9 Things All Economists Hate

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9 things all economists hateThere are some surprising ways in which the opinions of economists diverge from most other people – and some things about which economists agree that they can't stand. Here are 9 things that economists hate:

1. Tax deductions

Most people hate paying their taxes. Filling out forms and handing over a load of your money to the government is not what anyone wants to do, and if there's a chance to save money on taxes then most people are delighted with that. But not economists. They point out that tax dedications and tax loopholes create an unnecessarily complex system that benefits some more than others – and that benefits those who can afford accountants the most. Making a tax system too complicated increases the number of loopholes available and makes the system harder to manage and less fair.

2. Corporate income tax

Conversely, most people think that corporations should pair their taxes in order to benefit everyone in society. But many economists disagree. They argue that corporations should be encouraged to keep their money and reinvest it into their business, not hand it over to the government. If governments want to tax rich people then they should raise the individual income tax rate on the highest earners, not add an extra tax on companies.

3. Untaxed carbon pollution

Almost everyone agrees that climate change is a real and pressing problem, but there are many disagreements about how to combat it. One policy with only middling support is taxing carbon emissions so that companies have to pay for the pollutants that they produce. This policy is unpopular among business owners, but it has strong support from economists who argue that it makes economic sense to incentivise the cutting of carbon emissions through taxation.

4. Agricultural subsidies

In both the EU and the US, as well as elsewhere in the world, governments pay massive amounts of money in the form of subsidies for the growing of particular agricultural crops. The idea is to safeguard an essential food supply, but in practice, the policy encourages the overuse of chemicals, the growing of only certain crops, and the dumping of large amounts of unused food. Many economists agree that subsidies should be discontinued.

5. Poor economics journalism

Economics is not the easiest subject for the public to understand. Unfortunately, that means that the subject is frequently misconstrued and is blamed for various ills in society. This is not helped by articles in newspapers which perpetuate the idea that economics is incorrect or irrelevant because it is not “intuitive”.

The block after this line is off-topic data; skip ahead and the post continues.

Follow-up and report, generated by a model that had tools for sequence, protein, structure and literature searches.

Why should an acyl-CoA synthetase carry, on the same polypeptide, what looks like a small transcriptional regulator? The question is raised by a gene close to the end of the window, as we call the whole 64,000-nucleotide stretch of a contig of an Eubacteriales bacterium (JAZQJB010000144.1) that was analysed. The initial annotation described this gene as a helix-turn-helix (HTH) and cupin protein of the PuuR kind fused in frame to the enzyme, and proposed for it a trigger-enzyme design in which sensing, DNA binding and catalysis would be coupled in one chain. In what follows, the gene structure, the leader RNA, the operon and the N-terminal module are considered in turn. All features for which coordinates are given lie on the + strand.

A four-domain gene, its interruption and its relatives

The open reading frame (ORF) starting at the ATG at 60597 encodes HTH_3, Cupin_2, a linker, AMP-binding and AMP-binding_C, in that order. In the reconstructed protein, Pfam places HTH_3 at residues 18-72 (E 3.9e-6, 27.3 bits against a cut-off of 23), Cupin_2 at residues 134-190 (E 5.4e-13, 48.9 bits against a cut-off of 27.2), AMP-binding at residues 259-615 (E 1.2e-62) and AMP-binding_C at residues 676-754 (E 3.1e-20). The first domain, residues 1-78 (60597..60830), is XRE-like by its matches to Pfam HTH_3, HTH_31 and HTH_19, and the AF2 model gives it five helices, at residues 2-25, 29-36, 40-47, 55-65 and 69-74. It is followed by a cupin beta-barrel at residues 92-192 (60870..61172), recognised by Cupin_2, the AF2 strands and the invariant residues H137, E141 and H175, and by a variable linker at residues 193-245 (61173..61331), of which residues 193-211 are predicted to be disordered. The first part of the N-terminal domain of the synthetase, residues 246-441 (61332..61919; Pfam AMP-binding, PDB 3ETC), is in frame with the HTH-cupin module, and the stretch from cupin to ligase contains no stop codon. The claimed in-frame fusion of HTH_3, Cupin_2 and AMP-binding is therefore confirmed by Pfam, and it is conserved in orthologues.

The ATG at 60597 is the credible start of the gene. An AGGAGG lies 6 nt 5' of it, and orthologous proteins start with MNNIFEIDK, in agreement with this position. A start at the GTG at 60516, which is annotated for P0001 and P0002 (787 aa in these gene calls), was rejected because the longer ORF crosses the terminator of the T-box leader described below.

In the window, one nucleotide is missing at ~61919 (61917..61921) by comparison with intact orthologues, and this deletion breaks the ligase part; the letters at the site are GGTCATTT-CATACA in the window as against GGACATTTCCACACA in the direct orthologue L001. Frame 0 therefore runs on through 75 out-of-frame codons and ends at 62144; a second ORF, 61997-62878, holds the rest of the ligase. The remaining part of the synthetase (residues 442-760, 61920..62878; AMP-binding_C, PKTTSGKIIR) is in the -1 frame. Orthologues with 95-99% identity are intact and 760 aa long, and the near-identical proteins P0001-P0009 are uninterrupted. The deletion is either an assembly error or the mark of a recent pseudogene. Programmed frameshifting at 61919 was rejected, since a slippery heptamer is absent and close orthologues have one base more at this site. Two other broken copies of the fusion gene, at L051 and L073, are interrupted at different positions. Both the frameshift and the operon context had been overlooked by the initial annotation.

6. Austrian Economics

Austrian Economics is an esoteric school of economics which rejects mathematical modelling and empirical testing, instead using a narrative approach that critics say is not in any way based on the real world. The famous economist Paul Krugman described the school as having “the psychology of a cult” and the whole concept of doing economics without empiricism is rejected by the large majority of economists.

7. Fairtrade

Fair Trade is a label that customers like because it allows them to make more informed choices when purchasing goods like coffee which have to be sourced from other countries where very low prices or labour exploitation may be common. Economists, however, are frequently critical of the initiative, arguing that the system is ineffective at raising payment or increasing quality of life for farmers and workers – instead, the extra money goes to middlemen in the supply chain.

8. Presents

Gift giving during holiday seasons is one of those traditions that everyone enjoys – other than economists, apparently. Gift giving is not rational as any gift that you could give could easily replaced by cash which has a higher level of utility. So remember that when Christmas rolls around and you're trying to choose a present for the economist in your life.

9. Non-evidence-based economic policies

Because economics is complex and predictions are hard to make, there is a perception among the public and policymakers that economists disagree about everything and that one policy is as good as another. But in fact there is broad consensus among economists on key issues like the effectiveness of stimulus packages or bank bailouts, and considerable scepticism over popular political ideas like the claim that tax cuts will boost the economy. One thing almost all economists agree on is that policy should be based as far as possible on sound evidence.

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